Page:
A grandmother to 13, the owner of this 1928 Weston Cape sought a room suited for overnight visits from them. “She wanted to make a space where the kids would feel comfortable sleeping, playing, and reading,” says Tiffany LeBlanc, the interior designer hired to transform the existing second-story bedroom. Dated wallpaper and mismatched furniture made the room feel small. Striving to give the space a bunkroom feel, LeBlanc worked with architect Michael Collins to design a built-in bed with a trundle. To offset the custom splurge, other lively furnishings were purchased off the shelf. Walls are painted a soft yellow punctuated by pops of orange and deeper yellow. While clearly a kid-friendly space, the room is also refined, says LeBlanc. “It will grow with the kids and is sophisticated enough that Grandma can live with it on a daily basis.”
2 | Custom bead-board millwork on the walls behind the bed adds character and a cozy feel.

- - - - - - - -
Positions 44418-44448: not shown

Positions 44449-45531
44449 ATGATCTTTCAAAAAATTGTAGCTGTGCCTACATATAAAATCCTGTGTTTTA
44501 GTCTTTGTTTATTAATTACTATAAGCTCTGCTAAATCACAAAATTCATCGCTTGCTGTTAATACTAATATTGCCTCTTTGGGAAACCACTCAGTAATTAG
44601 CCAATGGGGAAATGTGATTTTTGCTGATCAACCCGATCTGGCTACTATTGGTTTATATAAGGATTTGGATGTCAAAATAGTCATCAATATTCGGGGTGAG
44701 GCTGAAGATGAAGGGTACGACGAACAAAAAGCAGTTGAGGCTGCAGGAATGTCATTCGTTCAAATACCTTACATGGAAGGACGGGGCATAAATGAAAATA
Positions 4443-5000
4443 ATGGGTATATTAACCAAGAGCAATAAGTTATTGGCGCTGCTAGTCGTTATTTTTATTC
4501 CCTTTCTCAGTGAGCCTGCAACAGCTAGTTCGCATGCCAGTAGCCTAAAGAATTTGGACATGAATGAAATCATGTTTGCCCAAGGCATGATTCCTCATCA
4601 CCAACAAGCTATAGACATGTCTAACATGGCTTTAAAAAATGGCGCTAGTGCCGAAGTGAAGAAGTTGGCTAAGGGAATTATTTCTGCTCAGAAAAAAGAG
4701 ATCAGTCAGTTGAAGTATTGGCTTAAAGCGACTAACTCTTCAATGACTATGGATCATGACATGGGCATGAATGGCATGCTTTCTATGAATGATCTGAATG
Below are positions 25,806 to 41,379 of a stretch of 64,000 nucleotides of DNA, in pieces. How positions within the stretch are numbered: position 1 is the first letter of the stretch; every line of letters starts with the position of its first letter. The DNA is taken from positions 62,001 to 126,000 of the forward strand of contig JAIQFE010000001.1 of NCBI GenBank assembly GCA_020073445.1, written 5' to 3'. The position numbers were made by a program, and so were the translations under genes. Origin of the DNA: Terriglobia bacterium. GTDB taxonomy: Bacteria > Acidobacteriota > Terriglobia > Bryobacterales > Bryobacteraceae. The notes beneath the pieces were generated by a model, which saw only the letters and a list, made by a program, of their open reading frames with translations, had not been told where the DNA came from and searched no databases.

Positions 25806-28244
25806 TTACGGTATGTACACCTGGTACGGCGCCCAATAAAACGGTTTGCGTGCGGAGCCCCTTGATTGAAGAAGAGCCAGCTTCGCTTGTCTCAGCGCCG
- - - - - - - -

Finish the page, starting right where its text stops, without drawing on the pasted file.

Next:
3 | Moldings are painted a cream Farrow & Ball hue that recedes into the walls to make the small, low-ceilinged room feel larger.
4 | A flush-mount light and a hard-wired reading lamp above the bed, both by Visual Comfort, provide illumination. The fixtures’ stainless-steel hardware adds another visual dimension to the room.
5 | Floor pillows from RH provide an extra place to perch.
6 | A Serena & Lily shag rug offers a comfortable area for the kids to stretch out and play.
7 | The desk, from The Land of Nod, is painted a custom deep yellow hue. “Painting off-the-shelf furniture is a great way to make it feel unique,” says LeBlanc.
8 | Vintage toys are a nod to the antique residence’s origins as well as to the fact that it’s Grandma’s house, says LeBlanc.
9 | A chair from Anthropologie, just the right shade of orange, is lightweight, making it easy to move around the room.